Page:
Greenpeace Aotearoa is reaffirming its call on the government to support a strong global plastics treatyafter research reveals 74 metric tonnes of microplastics is dispersed onto Auckland every year.
Greenpeace Aotearoa campaigner Juressa Lee says this further confirms that we are in a plastics pollution crisis and that plastics and microplastics have invaded every part of the human experience.
“This new revelation paints a horrifying picture: the equivalent of three million plastic Coca-cola bottles falling from the sky onto Auckland city. We’re breathing and drinking plastic, and this discovery raises even more concerns about particles accumulating in the human body.”
Lee says the government needs to continue to advocate for a strong and ambitious global plastics treaty that puts the world on a path to eliminate plastic pollution. Domestically, action to eliminate unnecessary single-use plastic also needs the government’s urgent and courageous efforts.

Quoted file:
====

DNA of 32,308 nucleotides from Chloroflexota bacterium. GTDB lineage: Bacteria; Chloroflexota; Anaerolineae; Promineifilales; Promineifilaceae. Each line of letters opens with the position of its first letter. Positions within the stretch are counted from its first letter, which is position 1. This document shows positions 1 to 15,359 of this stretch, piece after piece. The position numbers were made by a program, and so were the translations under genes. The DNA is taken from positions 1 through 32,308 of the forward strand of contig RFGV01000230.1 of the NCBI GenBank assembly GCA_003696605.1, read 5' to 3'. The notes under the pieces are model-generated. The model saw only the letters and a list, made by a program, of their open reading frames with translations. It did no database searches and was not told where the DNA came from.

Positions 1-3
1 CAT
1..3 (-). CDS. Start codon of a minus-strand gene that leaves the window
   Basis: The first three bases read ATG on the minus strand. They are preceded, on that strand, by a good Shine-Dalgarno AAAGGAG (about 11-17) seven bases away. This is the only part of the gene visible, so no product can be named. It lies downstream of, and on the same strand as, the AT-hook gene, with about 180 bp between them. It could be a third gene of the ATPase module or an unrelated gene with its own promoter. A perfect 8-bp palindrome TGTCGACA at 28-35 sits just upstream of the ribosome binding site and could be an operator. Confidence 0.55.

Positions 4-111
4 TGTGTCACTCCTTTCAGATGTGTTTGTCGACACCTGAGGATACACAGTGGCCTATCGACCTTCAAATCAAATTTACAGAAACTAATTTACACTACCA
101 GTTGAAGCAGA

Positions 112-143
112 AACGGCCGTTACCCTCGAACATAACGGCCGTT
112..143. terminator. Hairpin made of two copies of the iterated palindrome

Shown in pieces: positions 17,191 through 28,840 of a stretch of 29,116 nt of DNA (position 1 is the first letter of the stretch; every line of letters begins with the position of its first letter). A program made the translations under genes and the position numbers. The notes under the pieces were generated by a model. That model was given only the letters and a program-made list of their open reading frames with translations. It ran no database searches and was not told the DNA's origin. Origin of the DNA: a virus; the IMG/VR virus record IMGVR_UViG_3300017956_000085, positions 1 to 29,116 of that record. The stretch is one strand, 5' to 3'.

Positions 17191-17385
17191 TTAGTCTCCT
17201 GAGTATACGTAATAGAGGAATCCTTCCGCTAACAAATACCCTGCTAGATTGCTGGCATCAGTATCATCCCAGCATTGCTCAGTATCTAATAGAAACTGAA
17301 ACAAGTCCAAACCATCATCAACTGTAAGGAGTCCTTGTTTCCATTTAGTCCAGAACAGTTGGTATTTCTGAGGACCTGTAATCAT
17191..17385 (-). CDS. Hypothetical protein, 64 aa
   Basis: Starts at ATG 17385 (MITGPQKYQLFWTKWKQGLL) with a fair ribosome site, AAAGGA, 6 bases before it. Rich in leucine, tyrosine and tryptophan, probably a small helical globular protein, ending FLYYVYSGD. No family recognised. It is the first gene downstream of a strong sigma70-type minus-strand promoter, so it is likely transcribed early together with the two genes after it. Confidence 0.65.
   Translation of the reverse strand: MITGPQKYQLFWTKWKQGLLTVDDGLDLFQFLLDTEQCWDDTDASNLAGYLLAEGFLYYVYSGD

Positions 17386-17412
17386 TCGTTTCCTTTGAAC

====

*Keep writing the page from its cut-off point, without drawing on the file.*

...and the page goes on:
“That plastic and microplastics have been discovered in the deepest parts of our ocean, in our bodies, kai moana, breast milk, and now falling from the skies is clear proof that we need a global plastics treaty.
Scientists suggest waves breaking in the Hauraki Gulf may have played a key role by transmitting water-borne microplastics into the air.
“Our oceans are interconnected, and our South Pacific island nations are dealing with massive amounts of plastic waste they did not produce or discard. That is why we need a strong and ambitious global plastics treaty that is informed by the most affected people, emphasises the lived experiences of indigenous, frontline and fenceline communities and puts the world on a path to end plastic pollution.”
The negotiations follow a mandate for a strong and ambitious global plastics treaty agreed upon earlier this year in March at the United Nations Environment Assembly.
Since then, Greenpeace Aotearoa has called on the government to support a strong and ambitious global plastics treaty, and its petition has been signed by over 31,000 people.
“The evidence is clear: plastics are a threat to our environment, our health and global human rights. We now have a prime opportunity for a global instrument that will change course and end the age of plastic, and so we must keep calling for our government to advocate for a just plastics treaty and remain steadfast,” says Lee.